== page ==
Example: Listening to a novel rather than reading it.
Adaptations: A modification that changes the delivery of instruction or the conceptual difficulty and content of the curriculum.
Example: Providing picture cards for key words in a story.
Parallel Instruction: A modification to the delivery of instruction or method of student performance that does not change the content but changes the conceptual difficulty of the curriculum.
Example: Most students are completing addition problems and this student is completing a worksheet with problems that have counting circles.
Overlapping Instruction: Modifications to the student’s performance expectations while all the students take place in shared delivery of instruction. It is assumed that there is a difference in the content and the conceptual difficulty of the curriculum.
Example: A student is responsible for recognizing pictures of Newton and Einstein from a video on physics while most students will be expected to write short biographies.
Parallel Agendas – Defined Roles and Shared Responsibility
There are four separate but linked agendas that should be ‘run’ concurrently for the student with a learning disability. The following two charts help define the two notions of ‘parallel’ and ‘shared’ responsibility.
Agenda 1: Learning Support
Generally speaking for the child with a learning disability Learning Support needs to be provided across the default curriculum. If possible support measures should be jointly negotiated between parents and teachers and formalized through a written plan. The presence of a plan usually implies regular meetings between teachers and parents. Learning support plans should never be considered as “set and forget strategies”. The Learning Support Teacher and classroom teacher are the key people in this regard.
Agenda 2: Individualised Special Consideration Policy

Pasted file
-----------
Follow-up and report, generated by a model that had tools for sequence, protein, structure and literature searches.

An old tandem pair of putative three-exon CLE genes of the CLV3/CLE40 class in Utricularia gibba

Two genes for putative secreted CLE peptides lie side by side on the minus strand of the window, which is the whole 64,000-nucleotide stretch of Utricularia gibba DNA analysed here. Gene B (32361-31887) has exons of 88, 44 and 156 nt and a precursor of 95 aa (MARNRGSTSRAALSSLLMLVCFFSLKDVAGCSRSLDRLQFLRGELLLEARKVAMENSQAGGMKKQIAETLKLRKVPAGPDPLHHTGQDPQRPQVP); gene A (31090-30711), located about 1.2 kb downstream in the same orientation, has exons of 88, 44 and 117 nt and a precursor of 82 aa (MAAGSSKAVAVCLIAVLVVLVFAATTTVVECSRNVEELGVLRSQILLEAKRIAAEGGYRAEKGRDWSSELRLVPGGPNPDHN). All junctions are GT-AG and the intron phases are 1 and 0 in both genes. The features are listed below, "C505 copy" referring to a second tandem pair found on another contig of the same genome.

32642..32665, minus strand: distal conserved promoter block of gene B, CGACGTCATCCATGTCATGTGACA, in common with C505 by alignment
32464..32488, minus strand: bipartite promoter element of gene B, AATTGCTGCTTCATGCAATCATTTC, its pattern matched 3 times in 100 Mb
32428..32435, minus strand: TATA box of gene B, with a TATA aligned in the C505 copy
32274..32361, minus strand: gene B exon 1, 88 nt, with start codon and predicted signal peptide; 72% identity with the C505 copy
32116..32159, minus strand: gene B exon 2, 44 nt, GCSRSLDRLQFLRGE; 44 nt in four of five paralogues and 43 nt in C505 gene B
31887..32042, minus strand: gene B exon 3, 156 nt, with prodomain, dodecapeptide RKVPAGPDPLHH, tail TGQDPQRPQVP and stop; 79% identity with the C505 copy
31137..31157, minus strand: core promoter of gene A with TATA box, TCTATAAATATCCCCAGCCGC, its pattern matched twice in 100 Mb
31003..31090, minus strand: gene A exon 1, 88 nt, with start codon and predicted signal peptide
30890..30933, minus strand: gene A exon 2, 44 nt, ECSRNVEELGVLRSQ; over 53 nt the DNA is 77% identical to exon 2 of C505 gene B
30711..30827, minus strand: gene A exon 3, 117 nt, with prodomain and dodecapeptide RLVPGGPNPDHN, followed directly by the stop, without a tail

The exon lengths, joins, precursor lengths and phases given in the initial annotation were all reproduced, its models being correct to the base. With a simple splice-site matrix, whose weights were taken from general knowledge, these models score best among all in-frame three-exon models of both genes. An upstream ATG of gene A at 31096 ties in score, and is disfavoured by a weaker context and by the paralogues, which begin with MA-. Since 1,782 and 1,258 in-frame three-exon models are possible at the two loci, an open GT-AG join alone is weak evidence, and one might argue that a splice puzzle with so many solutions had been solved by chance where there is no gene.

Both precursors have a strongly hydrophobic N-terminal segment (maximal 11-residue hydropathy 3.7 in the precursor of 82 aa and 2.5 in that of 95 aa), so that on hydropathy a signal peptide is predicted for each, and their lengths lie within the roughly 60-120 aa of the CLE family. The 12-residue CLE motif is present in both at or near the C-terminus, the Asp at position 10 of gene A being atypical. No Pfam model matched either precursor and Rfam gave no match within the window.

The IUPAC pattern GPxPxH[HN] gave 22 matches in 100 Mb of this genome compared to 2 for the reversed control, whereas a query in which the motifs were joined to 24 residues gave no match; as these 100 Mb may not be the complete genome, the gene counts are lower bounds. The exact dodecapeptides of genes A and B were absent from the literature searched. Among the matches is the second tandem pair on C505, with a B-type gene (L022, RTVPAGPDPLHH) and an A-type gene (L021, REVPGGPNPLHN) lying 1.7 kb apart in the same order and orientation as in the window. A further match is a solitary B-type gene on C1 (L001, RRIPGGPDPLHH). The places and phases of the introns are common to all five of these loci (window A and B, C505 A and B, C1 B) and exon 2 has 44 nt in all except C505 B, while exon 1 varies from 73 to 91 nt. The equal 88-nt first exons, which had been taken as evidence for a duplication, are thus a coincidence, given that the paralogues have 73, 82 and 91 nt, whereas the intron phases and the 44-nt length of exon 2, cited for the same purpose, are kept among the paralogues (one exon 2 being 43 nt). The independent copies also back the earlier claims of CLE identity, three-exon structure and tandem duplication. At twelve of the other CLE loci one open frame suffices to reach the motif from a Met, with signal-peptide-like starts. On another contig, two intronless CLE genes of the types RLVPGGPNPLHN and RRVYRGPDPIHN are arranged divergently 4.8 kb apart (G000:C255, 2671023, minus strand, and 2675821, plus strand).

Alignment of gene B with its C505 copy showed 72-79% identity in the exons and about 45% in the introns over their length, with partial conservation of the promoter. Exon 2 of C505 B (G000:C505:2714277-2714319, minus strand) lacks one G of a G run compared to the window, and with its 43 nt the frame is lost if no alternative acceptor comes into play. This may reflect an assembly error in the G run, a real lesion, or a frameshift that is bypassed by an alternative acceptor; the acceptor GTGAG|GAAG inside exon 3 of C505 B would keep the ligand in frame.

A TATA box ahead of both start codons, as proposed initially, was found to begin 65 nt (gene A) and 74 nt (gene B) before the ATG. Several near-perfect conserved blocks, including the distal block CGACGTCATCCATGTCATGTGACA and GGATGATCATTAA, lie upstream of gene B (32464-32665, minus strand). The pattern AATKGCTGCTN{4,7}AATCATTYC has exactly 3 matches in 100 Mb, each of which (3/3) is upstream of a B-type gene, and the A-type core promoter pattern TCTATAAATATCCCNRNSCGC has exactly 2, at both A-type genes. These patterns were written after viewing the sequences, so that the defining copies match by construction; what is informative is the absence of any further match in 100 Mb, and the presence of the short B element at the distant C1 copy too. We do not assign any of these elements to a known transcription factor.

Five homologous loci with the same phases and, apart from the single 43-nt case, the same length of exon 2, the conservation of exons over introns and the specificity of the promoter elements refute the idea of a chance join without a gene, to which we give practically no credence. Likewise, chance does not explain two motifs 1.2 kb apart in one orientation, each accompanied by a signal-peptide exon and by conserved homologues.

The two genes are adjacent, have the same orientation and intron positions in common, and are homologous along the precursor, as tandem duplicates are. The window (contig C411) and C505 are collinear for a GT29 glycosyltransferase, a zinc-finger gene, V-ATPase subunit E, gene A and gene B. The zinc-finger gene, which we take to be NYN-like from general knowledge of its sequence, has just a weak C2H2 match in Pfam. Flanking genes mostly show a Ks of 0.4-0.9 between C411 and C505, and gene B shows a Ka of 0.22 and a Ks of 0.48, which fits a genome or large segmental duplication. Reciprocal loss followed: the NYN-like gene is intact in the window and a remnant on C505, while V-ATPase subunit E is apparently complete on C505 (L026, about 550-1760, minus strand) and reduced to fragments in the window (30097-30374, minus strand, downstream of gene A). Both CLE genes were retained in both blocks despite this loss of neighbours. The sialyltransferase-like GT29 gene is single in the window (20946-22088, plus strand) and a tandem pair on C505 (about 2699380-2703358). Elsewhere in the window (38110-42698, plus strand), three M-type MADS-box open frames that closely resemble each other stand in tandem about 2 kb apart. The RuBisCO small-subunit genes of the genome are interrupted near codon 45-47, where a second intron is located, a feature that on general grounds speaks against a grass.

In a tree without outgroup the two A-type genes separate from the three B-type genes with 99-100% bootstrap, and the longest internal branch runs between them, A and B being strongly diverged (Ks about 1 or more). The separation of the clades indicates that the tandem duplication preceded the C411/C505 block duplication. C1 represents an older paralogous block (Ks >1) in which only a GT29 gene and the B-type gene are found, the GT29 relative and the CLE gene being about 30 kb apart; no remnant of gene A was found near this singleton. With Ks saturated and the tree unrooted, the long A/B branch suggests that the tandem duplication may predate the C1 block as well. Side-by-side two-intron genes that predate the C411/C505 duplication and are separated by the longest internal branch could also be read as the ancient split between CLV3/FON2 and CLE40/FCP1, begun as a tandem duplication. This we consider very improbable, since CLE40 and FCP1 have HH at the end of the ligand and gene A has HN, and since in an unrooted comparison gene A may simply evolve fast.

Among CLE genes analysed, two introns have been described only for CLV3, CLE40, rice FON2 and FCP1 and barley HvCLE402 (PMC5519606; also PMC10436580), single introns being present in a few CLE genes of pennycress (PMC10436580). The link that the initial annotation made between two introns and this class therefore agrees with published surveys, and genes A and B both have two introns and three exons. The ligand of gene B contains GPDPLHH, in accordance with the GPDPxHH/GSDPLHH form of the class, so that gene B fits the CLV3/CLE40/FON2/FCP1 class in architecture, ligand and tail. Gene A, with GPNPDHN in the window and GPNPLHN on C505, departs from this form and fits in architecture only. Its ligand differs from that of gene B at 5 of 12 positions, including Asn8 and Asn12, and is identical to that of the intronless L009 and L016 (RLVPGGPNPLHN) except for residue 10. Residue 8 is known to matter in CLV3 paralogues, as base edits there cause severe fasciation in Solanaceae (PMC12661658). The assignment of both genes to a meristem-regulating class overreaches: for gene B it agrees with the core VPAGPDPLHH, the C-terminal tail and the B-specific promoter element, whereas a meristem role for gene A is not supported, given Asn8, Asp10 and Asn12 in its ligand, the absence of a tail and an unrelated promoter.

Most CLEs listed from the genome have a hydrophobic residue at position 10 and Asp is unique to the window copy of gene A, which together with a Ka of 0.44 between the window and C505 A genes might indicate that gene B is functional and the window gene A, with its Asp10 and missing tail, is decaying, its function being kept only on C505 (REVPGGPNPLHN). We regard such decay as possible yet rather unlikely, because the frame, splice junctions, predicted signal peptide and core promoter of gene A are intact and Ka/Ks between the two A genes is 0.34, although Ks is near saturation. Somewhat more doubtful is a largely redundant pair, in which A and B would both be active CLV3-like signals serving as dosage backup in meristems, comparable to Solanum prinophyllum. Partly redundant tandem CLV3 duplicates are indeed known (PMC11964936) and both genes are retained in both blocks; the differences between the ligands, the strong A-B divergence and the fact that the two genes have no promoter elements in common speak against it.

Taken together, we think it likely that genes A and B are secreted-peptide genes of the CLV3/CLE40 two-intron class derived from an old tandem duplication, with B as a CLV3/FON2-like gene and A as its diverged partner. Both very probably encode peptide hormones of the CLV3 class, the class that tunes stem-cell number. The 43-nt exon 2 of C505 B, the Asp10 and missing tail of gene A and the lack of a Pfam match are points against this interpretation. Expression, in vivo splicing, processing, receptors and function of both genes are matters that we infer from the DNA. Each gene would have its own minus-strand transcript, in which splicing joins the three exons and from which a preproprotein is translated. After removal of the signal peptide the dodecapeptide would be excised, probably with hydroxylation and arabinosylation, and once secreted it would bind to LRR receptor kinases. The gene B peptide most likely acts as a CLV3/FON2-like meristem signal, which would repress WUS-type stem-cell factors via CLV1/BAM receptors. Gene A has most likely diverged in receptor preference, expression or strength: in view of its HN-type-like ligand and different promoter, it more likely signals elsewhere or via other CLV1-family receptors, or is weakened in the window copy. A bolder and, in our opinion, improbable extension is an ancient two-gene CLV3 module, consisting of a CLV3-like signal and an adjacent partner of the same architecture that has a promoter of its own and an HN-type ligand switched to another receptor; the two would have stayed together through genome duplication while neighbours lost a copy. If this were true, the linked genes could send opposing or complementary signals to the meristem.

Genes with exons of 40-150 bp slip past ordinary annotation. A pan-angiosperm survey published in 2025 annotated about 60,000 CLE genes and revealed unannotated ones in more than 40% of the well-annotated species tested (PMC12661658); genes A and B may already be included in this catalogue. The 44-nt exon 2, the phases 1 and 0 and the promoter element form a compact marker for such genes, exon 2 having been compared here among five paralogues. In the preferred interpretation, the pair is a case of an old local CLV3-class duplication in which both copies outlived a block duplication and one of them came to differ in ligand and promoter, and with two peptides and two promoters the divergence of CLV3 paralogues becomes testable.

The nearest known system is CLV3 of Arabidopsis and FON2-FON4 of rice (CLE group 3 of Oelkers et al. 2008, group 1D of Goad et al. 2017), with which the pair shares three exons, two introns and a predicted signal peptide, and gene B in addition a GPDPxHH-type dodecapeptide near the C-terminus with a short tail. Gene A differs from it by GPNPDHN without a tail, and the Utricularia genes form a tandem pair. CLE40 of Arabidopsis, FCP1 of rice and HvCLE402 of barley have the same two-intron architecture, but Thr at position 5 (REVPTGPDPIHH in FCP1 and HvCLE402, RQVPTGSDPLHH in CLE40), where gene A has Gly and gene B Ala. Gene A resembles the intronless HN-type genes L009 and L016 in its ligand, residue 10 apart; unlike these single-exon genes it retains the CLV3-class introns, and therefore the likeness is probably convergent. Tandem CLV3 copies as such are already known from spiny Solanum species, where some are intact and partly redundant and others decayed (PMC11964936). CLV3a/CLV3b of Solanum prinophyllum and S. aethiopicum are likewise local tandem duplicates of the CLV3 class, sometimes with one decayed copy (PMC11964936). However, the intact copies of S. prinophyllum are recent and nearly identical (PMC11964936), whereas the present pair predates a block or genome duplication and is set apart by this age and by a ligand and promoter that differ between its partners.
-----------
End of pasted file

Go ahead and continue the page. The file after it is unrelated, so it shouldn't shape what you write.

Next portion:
The formulation of a Special Consideration Policy (see above) should be done as an additional notion to learning support.
Agenda 3: Assistive Technology
The possibility of purchasing, training in and implementing some form of Assistive Technology should be explored for the student with a learning disability. Assistive technology requires the parent to negotiate with both a service provider and the school. It is important that the classroom teacher embraces the technology and that the piece of software or hardware that is chosen is just right for the child and can be used at both school and home. There are three main service providers in Brisbane.
Agenda 4: Direct Remediation
The student with a learning disability who is still at the age where effective recovery can happen should be offered intervention. See the section on Scientific Evidenced Based Interventions.
The school may wish to investigate ways that they can provide Direct Remediation. See Criteria for Schools.
School decision makers need to think seriously about purchasing, training in and implementing a scientific and evidenced based intervention in their school. There are now numerous programs that meet the acceptable criteria. Many are from overseas but there are some Australian programs.
However, there are many reasons why school cannot provide intervention. If the school cannot provide the right intervention at the right time then private professional help is probably the only other option. The Literacy Care Service exists for this reason.
Putting it All Together
For the student with a learning disability to have their best chance at recovery all four agendas need to be put in place and run concurrently. In the main they will involve four different professionals. The parents need to have an ongoing coordinating role.
Literacy Care clinicians are available to visit schools. School visits can work extremely well when all parties agree to an open, honest and mature discussion about the child’s needs. To determine the level of importance and relevance of a school visit a certain criteria is applied. If parents desire a school visit by a Literacy Care clinician this should be discussed during the assessment process. There is a separate fee for school visits.
Literacy Care has conducted many seminars over the years for teachers, various professionals and parents. Usually these are held in the evening for a couple of hours but other times can be arranged with sufficient notice. There is a separate fee for this service.